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The Government for the Island Colonies Is One of
guards of every individual against the powers of government, not because those provisions were enacted for them, but because they are essential limitations inherent in the very existence of the American Government.'
"Doubtless Congress, in legislating for the Territories would be subject to those fundamental limitations in favor of personal rights which are formulated by the Constitution." ;
The new decision and policy with reference to our island possessions may mean, then, at the most, only
that the government of Congress for the Ter. ritories is a government under an unwritten
constitution instead of a government under a an Unwritten written Constitution. To say that the islands Constitution.
acquired in the war with Spain are not to be regarded as a part of the United States, and that their inhabitants are not citizens of this country protected by the provisions of our Constitution, this is not to say that they have no rights recognized by our Government; that they are not entitled to trial by jury, to the writ of habeas corpus, to representation as the basis of taxation, to move and speak and write freely, to acquire property and to make contracts and to have these contracts enforced. These rights are theirs by a higher law than that of the Constitution.
As to the application of the Constitution in its restrictions and limitations, this may come to the people of a ceded territory in various ways:
1. By express extension of the Constitution over a Territory by specific act of Congress. The Constitution
does not extend to a new territory by its own How Constitutional Rights power (ex propria vigore), but an act of Congress are Expressly
necessary to make it apply. An issue was 1. By Act of raised before the Supreme Court whether a citCongress
izen of the District of Columbia was entitled
Hon. Elihu Root, Secretary of War, Report, 1899. - Justice Bradley, in Mormon Church vs. United States, 136 U.S., i., 44.
2. By the
to the provisions of the Constitution relating to trial by jury. It was held that he was so entitled.
But this was because an act of Congress, February 21, 1871,
Trial by Jury expressly extended the Constitution to the in the District District of Columbia and because, also, that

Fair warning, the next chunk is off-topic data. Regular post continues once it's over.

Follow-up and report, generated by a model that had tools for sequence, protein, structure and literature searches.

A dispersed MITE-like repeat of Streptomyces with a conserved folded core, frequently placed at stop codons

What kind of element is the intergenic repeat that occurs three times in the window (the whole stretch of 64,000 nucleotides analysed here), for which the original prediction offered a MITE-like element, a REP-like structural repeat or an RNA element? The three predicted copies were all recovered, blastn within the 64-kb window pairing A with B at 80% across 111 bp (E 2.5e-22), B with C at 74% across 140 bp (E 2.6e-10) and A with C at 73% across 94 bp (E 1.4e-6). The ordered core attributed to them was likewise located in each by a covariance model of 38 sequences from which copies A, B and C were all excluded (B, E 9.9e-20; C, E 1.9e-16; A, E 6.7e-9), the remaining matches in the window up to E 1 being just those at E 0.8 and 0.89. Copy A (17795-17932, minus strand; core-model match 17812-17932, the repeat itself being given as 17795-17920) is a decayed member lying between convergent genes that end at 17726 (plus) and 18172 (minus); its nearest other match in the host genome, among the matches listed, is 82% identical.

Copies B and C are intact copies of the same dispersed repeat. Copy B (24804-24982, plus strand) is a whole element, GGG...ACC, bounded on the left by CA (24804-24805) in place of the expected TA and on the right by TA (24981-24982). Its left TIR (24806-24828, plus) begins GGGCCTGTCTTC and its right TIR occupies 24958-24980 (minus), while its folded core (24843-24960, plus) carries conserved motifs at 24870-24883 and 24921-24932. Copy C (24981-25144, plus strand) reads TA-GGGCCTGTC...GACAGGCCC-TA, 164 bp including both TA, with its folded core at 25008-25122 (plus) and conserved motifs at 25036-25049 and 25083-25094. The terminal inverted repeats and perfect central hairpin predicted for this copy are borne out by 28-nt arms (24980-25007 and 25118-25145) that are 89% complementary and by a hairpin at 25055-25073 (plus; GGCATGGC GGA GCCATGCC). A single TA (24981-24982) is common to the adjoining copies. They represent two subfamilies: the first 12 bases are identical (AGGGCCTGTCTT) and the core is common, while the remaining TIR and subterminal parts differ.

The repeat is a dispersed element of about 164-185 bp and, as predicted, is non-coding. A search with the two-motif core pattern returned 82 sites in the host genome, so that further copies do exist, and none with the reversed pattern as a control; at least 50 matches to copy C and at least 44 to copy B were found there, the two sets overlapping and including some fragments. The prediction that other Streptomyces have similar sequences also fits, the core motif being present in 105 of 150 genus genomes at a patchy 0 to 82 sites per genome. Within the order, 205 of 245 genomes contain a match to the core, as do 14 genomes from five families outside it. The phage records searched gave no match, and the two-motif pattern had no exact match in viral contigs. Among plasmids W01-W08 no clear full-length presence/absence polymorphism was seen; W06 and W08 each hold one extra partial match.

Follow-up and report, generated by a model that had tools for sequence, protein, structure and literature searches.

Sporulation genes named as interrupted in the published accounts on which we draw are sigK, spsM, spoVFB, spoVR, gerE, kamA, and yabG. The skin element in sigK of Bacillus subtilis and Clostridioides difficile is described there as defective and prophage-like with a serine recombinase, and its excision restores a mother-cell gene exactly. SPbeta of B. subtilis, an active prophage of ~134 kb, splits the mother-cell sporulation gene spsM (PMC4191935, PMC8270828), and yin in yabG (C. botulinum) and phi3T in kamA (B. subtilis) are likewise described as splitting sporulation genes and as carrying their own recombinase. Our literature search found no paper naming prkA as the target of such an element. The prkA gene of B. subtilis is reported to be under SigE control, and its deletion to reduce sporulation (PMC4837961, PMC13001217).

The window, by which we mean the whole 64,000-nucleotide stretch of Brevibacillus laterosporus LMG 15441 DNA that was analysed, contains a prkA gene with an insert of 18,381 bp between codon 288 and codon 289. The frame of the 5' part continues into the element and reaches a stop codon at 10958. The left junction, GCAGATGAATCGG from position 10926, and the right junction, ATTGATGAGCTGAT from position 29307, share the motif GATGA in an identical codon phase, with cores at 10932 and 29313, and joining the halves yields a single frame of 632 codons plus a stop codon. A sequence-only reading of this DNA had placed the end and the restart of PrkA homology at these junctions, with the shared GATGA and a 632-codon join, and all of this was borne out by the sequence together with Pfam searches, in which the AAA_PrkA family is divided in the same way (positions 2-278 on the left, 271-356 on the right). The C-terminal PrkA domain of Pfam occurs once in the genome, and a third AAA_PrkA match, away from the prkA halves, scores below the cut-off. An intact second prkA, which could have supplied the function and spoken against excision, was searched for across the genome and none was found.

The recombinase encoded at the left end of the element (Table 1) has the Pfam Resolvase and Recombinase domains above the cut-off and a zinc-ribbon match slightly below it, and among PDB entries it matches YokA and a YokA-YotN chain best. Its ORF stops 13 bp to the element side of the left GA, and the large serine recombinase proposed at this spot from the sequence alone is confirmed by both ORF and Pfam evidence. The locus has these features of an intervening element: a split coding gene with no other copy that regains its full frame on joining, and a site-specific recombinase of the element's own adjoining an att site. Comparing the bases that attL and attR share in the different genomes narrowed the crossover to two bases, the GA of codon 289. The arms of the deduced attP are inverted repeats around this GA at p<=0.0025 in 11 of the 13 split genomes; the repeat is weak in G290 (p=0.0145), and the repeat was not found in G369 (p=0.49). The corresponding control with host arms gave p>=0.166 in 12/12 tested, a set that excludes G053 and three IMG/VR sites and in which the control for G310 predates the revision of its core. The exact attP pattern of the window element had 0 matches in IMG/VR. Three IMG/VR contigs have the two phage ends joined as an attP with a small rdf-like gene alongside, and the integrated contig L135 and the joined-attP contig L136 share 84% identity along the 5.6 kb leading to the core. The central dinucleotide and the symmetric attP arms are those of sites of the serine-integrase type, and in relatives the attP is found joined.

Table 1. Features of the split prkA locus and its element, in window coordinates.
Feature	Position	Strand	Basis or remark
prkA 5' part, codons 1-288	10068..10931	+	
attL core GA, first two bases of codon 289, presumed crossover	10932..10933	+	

How Secured. District had been carved out of Maryland and Virginia, both of whose Constitutions guaranteed this right to their people. When Congress by specific act has once extended the provisions of the Constitution over a new territory, and thus fixed its constitutional status, that status cannot be subsequently changed by a withdrawal of the Constitution. As the Supreme Court has said, there are some steps that cannot be retraced.
2. By the organic law of Congress for the Territory; i. e., the Organizing Act.-An act of the legislature of Iowa dispensing with a jury. in certain common-law actions was held void.2 But this was Territorial Act. because the organic law of the Territory of Iowa, the Organizing Act, by express provision extended the laws of the United States, including the Ordinance of 1787, over the Territory. This Ordinance provides for trial by jury. So the act of Iowa was void because of its conflict with congressional legislation, which had made certain preliminary provisions the fundamental law of the State.
3. By Treaty Provisions.—In order to modify the otherwise unlimited powers of Congress over the territory acquired by treaty it has been deemed 3. By Treaty. necessary to insert limiting provisions in the treaties of acquisition.
In all the territorial treaties save that relating to Alaska provision has been made that the territory acquired should be incorporated into the Union All Previously as soon as possible, and that in the meantime the civil rights of the inhabitants should be
Incorporated guaranteed. In the Alaska Treaty with Russia into the Union. : Callan vs. Wilson,
• Webster vs. Reid, 2 Howard, 437.
tory to be habitants to Have the
(1867) no provision was made for the incorporation of the Territory into the Union, but provision was made that And their In
the inhabitants should have the immunities of
citizens of the United States and protection in Rights of the enjoyment of their liberty, property, and Citizenship. religion. Had not these terms been made in the treaties the territories acquired would have become subject to the legislation of Congress without limitation. The guarantees to the people are the guarantees secured by the treaty. In the case of territory acquired with no limitations upon the power of Congress, its power is absolute and exclusive except in so far as it is limited by the Thirteenth Amendment, which prohibits slavery in any place over which the United States has jurisdiction.'
The minority view of the Court in the InMinority View in the Insular sular cases is based upon two fundamental con